Friday, June 4, 2010

Defining Dad

Defining Dad
June 25th, 2001

I'm on the verge of a huge change. I'm going to become all-powerful and completely vulnerable, all knowing and a total fool. I'm going to become a dad. In October. Yesterday is the last Father's Day that will go by that I won't feel slighted because no one called me.

I'm gonna be a dad.

So I've been thinking about this thing. We don't know the gender so I switch back and forth between imagining a son and imagining a daughter. Which is weird. Everything changes in subtle ways based on which sex I pick. Like my future snaps from light pink to light blue and back again.

I've been thinking about how to be a dad. How I'm gonna be a dad. And I've been imagining the whole thing. And at the same time I've been watching myself think about being a dad. Like I come up with a mental picture of how I want it to be and then I look at the mental picture and I think "What moron drew that picture?".

See when I think about how I'm gonna be a dad I completely contradict myself. Like I'm gonna spend all my time with my kid and I'm gonna spend all my time making lots of money so he or she will never want for anything and I'm gonna spend all my time following my dreams because I'm not gonna be one of those people who changes his lifestyle completely when they have kids.

And I'm gonna keep my life simple. Have lot's of free time.

And I'm gonna encourage my daughter or son to do sports and I'm gonna encourage my son or daughter to study the sciences and I'm gonna encourage my child to be arty but I'm gonna let them find their own way and support them in everything they do and not pressure them but make sure they always excel in everything….if they want. But I won't be one of those Dads that expects too much.

And I'll be firm and soft and hard and gentle and strict and forgiving and consistant and flexible and funky and stogie and cool and warm and hot and cold and big and little and up and down.


And I look at these pictures in my head and I realize that what I'm imagining is all about solving the problems of my own childhood. Like I'm all concerned about making sure my kid doesn't have a sucky time in Junior High. Like that's possible. And I'm doing a lot of thinking about how my kid is gonna not be overweight but is gonna have a healthy self image. It's all about imagining how my kid is going to get to live my life without making the mistakes that I made.

And that's completely impossible!

It won't be my life, it'll be his or hers or whatever.

Then I think about my father, and his father before him.

My grandfather was born in 1901 by the banks of the Saint Lawrence river in the woods. There were no cars or airplanes. No electricity or phones. Just trees to chop down and crops to plant and harvest and winters to survive.

He married my grandmother because her house was across the river and was the only other house for miles.

My father was born in 1933, the second youngest of 7 in a Canadian French catholic family. In the middle of the great depression the family would do anything to survive. Picking potatoes in northern Maine or blueberries in Connecticutt. Finally my grandfather got a good, steady job in the Scott Paper Mill in Winslow Maine and my dad grew up there. FDR was president until he was 13 years old. There were no televisions or computers or internet or cel phones. There was no pornography and no sex. At least in Maine. At least according to my father.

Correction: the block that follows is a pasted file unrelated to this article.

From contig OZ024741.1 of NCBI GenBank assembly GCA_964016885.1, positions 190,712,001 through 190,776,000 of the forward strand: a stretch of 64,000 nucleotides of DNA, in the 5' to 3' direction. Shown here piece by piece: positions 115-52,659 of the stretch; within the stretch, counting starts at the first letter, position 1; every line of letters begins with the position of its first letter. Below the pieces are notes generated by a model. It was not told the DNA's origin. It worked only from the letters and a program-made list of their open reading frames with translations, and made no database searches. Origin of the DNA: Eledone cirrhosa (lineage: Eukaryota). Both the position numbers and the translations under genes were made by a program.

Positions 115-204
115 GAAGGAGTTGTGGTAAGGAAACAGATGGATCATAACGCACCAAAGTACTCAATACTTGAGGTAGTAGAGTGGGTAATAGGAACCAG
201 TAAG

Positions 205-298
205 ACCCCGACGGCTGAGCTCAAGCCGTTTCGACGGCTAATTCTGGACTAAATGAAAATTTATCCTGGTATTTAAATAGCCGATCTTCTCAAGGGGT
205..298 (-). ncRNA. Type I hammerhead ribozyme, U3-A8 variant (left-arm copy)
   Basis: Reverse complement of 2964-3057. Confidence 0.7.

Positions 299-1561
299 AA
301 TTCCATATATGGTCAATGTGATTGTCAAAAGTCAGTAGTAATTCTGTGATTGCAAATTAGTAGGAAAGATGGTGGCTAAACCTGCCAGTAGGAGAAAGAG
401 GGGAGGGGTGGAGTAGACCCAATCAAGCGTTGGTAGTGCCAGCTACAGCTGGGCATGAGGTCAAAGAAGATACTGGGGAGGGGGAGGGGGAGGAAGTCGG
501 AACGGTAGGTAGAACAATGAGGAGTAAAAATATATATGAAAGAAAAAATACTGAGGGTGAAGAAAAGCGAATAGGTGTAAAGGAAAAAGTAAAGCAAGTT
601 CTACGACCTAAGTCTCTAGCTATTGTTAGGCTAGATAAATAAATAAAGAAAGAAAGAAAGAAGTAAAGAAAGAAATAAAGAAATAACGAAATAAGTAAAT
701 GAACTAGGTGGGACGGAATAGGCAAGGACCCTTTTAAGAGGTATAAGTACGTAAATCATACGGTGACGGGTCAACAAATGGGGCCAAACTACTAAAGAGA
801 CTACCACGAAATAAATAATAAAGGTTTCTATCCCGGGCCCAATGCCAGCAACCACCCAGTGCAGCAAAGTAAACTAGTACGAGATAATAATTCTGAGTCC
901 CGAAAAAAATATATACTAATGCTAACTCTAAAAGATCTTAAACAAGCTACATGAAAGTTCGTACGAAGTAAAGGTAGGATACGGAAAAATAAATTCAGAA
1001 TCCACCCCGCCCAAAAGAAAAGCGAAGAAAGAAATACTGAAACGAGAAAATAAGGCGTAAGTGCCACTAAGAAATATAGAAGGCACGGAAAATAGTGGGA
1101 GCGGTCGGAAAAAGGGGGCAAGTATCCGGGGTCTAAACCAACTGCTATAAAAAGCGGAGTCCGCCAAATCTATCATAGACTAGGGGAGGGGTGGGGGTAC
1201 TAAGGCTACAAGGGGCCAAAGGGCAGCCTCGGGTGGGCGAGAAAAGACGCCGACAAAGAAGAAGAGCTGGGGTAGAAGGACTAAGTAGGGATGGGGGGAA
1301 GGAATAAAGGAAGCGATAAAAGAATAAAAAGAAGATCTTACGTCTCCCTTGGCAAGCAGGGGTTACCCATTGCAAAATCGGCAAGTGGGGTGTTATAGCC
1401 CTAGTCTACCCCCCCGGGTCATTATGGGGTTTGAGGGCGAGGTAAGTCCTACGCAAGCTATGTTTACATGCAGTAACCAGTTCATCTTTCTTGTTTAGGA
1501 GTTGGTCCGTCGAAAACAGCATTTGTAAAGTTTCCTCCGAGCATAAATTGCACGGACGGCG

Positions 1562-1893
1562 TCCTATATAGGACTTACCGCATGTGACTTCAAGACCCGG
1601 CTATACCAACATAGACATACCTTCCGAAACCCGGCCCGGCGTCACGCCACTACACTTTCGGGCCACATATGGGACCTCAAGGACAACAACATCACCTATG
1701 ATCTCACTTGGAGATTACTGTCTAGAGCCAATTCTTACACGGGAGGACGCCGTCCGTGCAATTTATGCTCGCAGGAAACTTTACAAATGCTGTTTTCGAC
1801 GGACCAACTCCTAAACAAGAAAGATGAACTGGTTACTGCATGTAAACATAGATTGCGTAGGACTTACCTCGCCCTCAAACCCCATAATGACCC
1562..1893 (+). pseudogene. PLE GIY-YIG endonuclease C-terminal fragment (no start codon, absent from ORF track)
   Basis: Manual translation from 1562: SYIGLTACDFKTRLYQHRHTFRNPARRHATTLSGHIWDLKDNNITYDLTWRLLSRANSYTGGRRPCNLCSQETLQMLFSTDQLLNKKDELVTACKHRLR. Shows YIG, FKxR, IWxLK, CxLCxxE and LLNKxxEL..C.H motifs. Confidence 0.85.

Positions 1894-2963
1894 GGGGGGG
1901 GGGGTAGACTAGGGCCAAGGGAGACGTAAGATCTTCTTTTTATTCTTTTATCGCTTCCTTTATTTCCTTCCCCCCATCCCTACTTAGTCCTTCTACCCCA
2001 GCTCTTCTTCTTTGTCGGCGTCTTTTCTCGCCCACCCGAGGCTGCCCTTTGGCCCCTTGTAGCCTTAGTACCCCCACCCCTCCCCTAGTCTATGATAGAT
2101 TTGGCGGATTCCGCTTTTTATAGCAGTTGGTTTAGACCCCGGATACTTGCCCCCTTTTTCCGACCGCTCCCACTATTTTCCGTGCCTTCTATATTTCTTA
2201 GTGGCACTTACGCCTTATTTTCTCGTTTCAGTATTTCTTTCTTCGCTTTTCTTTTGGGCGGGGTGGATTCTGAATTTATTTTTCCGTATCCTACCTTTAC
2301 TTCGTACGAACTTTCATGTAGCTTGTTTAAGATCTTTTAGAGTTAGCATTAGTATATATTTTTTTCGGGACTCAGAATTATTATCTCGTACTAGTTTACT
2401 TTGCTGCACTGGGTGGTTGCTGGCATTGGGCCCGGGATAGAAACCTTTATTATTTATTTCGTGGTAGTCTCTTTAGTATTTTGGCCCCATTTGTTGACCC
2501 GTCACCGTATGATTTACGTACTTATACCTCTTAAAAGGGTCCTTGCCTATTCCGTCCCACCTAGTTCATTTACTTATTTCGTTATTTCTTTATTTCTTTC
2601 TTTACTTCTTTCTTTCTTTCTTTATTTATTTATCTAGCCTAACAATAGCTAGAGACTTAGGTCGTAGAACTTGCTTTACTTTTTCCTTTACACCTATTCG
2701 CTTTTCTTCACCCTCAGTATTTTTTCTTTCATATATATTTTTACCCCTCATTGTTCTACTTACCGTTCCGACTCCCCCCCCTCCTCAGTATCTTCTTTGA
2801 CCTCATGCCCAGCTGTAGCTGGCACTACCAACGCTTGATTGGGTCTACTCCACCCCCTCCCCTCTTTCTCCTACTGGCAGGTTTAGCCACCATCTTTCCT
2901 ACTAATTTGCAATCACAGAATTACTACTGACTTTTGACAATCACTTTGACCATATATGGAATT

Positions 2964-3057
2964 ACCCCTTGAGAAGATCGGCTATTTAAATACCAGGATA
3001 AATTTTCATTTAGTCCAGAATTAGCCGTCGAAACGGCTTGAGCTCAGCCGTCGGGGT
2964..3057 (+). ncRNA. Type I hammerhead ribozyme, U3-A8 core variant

So the world has changed a lot since then. But my dad raised me as best he could. Trying not make the mistakes his father had made, who was trying not to make the mistakes his father had made.

And that's what I was planning on doing.

But that's the mistake that they all made. I mean how do you raise a kid nowadays? Can somebody tell me? How can I prepare my child for the world? How can I be a good dad?

I mean check this out. Since I was born we've got cable TV in 1974, Personal Computers, Macintosh around 1984, World Wide Web in 1993, Cell Phones whenever, Palm Pilot last year or something.

My wife is due in October of this year. When my child is my age it will be the year 2036. Will we be on Mars? Will we all have automatic nanobots roaming through our bodies making us live forever? Will we have Video Phones jacked into our brains? Will there be any oxygen left or will we buy it at the store the way we buy water now?

What should I do to protect and provide and prepare this child, who will be the hope of my hopes and the dream of my life? At least that's what their telling me. And I'm beginning to get a vague idea what that means

I guess the only answer is to love the darn thing as hard as I can and just do my best. No matter how much I screw up I can't get fired and no matter how good a job I do I'm not gonna get a raise.

And maybe, 35 years from now, my child will call me up after missing the first 34, like I did yesterday and say. Hey dad. Happy Father's day. I love you.

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